In the present invention a probe is made which carries the turbine blade on a shaft carried on the end of a post-like support'with the rotating blades maintained in a fixed relation to the magnetic pickup. This whole unit is carried as an integral probe or pipe which may readily be inserted into a pipe flange, a support block, valve or the like and only requires that the turbine be positioned at the midpoint of the flow path so as to give a reading on the velocity of the flow at this point in the stream.

SUMMARY OF THE INVENTION This invention maybe summarized at least in part by reference to its objects.

It is an object of this invention to provide, and it does provide, a turbine-type flow meter in which a lightweight turbine is carried upon a stand or support with the support carrying a magnet pickup in a precise relationship to the turbine blades. and their sweep path. The probe support is adapted for mounting in a block or a pipe component so as to be readily removable therefrom. The turbine, although of a fixed diameter of rotation, is not particularly dependent upon the diameter of the conduit into which it is inserted for measuring the flow.

It is a further object of this invention to provide, and it does provide, a turbine-type flow.meter which employs an inexpensive housing of plastic which permits ready installation of said turbine-type flow meter into a hydraulic system. This flow meter includes a turbine mounted uponthe end of a probe which is inserted to the side of said block and positioned substantially central of the diameter of the flow passageway therein. This block is adapted for ready mounting into standard pipelines.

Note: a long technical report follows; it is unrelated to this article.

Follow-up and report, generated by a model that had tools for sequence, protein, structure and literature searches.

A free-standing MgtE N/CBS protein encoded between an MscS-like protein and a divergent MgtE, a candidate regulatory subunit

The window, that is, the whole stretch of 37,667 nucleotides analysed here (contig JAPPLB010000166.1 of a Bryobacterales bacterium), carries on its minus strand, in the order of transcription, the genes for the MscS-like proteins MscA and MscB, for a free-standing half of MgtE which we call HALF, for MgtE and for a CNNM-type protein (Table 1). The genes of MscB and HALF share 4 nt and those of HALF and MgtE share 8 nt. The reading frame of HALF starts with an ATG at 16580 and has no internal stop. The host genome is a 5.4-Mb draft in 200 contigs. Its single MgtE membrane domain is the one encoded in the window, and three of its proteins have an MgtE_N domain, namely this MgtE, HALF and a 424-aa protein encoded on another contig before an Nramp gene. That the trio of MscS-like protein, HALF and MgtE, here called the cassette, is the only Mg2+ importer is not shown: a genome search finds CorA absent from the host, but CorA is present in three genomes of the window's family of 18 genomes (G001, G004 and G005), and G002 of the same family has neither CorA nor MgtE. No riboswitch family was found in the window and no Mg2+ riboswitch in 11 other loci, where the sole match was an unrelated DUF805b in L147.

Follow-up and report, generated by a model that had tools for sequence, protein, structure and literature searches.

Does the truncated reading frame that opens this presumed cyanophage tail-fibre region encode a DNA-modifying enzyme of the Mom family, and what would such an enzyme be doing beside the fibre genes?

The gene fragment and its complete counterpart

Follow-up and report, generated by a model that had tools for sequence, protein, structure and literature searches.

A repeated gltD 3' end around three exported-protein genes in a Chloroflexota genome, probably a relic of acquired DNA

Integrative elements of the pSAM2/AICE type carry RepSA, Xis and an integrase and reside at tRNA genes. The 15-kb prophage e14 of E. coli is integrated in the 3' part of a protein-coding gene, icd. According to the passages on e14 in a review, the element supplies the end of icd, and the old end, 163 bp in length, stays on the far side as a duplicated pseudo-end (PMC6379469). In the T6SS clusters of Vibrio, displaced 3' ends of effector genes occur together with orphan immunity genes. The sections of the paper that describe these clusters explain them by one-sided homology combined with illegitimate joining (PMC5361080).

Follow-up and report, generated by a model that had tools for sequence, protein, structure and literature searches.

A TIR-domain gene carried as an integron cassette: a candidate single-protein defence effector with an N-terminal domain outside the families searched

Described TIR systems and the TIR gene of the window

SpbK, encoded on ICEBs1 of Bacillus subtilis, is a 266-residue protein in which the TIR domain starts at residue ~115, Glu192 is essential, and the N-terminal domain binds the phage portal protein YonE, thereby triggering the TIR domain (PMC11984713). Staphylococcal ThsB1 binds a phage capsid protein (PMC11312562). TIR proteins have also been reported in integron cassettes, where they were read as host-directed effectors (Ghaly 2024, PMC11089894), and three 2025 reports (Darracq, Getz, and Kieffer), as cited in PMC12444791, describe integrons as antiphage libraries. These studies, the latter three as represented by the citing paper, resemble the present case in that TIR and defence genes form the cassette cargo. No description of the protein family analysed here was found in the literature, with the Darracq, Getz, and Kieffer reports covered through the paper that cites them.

It is a further object of this invention to provide, and it does provide, a turbine-type flow meter in which the turbine is carried upon the inner end of the probe having a threaded pipe support fitting at its entering end. This fitting is adapted to retain the probe in a threaded portion of a pipe wall with the probe slidably carried in the threaded collar of the probe support.

In summary, the invention provides a turbine-type flow meter in which the turbine is lightweight and is carried upon a shaft mounted on the end of the support extending from the probe housing. The probe support or stem carries a magnetic pickup which is actuated by a magnet carried by and rotated with the turbine. The blades of the turbine may be of magnetic material, have a magnet inserted therein, or at least made slightly magnetic so as to trigger the magnetic pickup as the turbine is rotated. The turbine carried by and at the end of the probe is substantially smaller than the actual passageway carrying the fluid with the shank or stem of the probe having a sufficient extent adapted to permit adjustment into a passageway which is only one of several having diameter variations of three to four or more inches of diameter.

In addition to the above summary the following disclosure is detailed to insure adequacy and aid in understanding of the invention. This disclosure, however, is not intended to prejudice that purpose of a patent which is to cover each new inventive concept therein no matter how it may later be disguised by variations in form or additions of further improvements. For this reason there has been chosen a specific embodiment of the flow meter probe and a block housing for carrying said probe as adopted for use in hydraulic lines and showing a preferred means of adjustable construction and mounting of the probe in other pipe fittings.

This specific embodiment and alternate embodiments thereof have been chosen for the purposes of illustration and description as shown in the accompanying drawings wherein: